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Anja Prummer Profile


Anja Prummer works in the field of social networks, addressing the issue of how individuals' decisions might be influenced by their reference group. Individuals are not autonomous, but integrated in networks of relationships, such as peer groups, families, colleagues and neighbours. Taking these relationships into account may offer new explanations for empirically observed facts and patterns, and has key implications for assessing policies whose success will depend not only on individual response, but also on the reference group for each individual.

Anja aims to address these issues using theoretical models that include social network components and have testable empirical implications, with applications to political economy, gender and culture. Specifically, she has studied how lobbying strategies depend on the network of politicians, how network differences between men and women can help understand differences in performance on the job, and how institutions in immigrant communities have an incentive to prevent integration to secure their own payoffs.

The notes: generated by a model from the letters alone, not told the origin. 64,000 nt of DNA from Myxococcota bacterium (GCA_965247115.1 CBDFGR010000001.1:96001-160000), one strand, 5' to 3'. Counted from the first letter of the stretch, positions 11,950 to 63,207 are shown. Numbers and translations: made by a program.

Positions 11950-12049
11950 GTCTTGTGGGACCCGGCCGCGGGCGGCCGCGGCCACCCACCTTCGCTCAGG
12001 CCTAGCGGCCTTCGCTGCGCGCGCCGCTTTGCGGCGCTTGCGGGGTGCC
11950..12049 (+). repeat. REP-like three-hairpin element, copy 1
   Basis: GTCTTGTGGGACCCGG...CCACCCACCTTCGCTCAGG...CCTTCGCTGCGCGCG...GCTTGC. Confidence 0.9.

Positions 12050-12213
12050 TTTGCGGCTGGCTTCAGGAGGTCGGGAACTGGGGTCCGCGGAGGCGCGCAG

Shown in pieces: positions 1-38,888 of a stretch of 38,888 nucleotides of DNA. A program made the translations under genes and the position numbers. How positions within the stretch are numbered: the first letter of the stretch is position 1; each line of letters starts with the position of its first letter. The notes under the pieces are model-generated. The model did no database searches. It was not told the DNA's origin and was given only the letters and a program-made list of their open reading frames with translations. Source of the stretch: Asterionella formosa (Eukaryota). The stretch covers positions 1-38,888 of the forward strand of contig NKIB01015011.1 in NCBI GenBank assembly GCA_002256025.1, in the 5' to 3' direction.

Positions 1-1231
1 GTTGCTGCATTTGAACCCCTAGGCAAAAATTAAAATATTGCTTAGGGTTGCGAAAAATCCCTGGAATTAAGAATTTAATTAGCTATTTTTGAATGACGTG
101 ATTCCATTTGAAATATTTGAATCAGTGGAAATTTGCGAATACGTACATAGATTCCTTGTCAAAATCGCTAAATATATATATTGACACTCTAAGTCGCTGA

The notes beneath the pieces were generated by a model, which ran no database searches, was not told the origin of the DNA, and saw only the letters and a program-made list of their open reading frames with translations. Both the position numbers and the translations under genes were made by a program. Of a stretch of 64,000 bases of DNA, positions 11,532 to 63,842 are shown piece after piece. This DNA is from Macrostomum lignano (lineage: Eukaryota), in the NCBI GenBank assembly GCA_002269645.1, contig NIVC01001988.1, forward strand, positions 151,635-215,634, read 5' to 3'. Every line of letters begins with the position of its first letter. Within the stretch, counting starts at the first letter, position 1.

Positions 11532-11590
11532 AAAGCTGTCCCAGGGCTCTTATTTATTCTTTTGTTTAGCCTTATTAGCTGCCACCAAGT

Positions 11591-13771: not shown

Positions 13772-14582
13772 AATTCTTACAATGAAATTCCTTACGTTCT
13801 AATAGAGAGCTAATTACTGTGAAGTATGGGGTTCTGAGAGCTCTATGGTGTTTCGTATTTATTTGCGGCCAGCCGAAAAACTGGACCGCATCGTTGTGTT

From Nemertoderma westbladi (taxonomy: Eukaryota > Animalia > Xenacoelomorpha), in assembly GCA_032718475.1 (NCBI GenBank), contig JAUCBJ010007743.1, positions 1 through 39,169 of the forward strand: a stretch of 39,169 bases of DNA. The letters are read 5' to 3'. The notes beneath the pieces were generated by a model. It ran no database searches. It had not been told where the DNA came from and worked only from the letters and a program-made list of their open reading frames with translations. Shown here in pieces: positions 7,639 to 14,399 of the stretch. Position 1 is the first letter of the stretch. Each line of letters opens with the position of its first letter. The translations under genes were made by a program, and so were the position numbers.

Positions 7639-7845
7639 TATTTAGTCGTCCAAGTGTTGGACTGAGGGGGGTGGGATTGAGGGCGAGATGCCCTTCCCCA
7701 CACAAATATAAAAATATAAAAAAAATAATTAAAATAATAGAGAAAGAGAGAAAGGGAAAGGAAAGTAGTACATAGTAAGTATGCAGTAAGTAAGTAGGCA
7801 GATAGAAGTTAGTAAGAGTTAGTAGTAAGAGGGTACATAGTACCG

Currently, she is working on how parties mobilize their electorate, which depends on how informed the electorate is, but also on its network structure. The scope of the project is both theoretical and empirical and aims at explaining several stylized facts, e.g. polarized polity may emerge due to a less informed, but more aligned electorate. Methodologically, the project contributes to research in both theoretical and empirical Political Economy and Network Theory.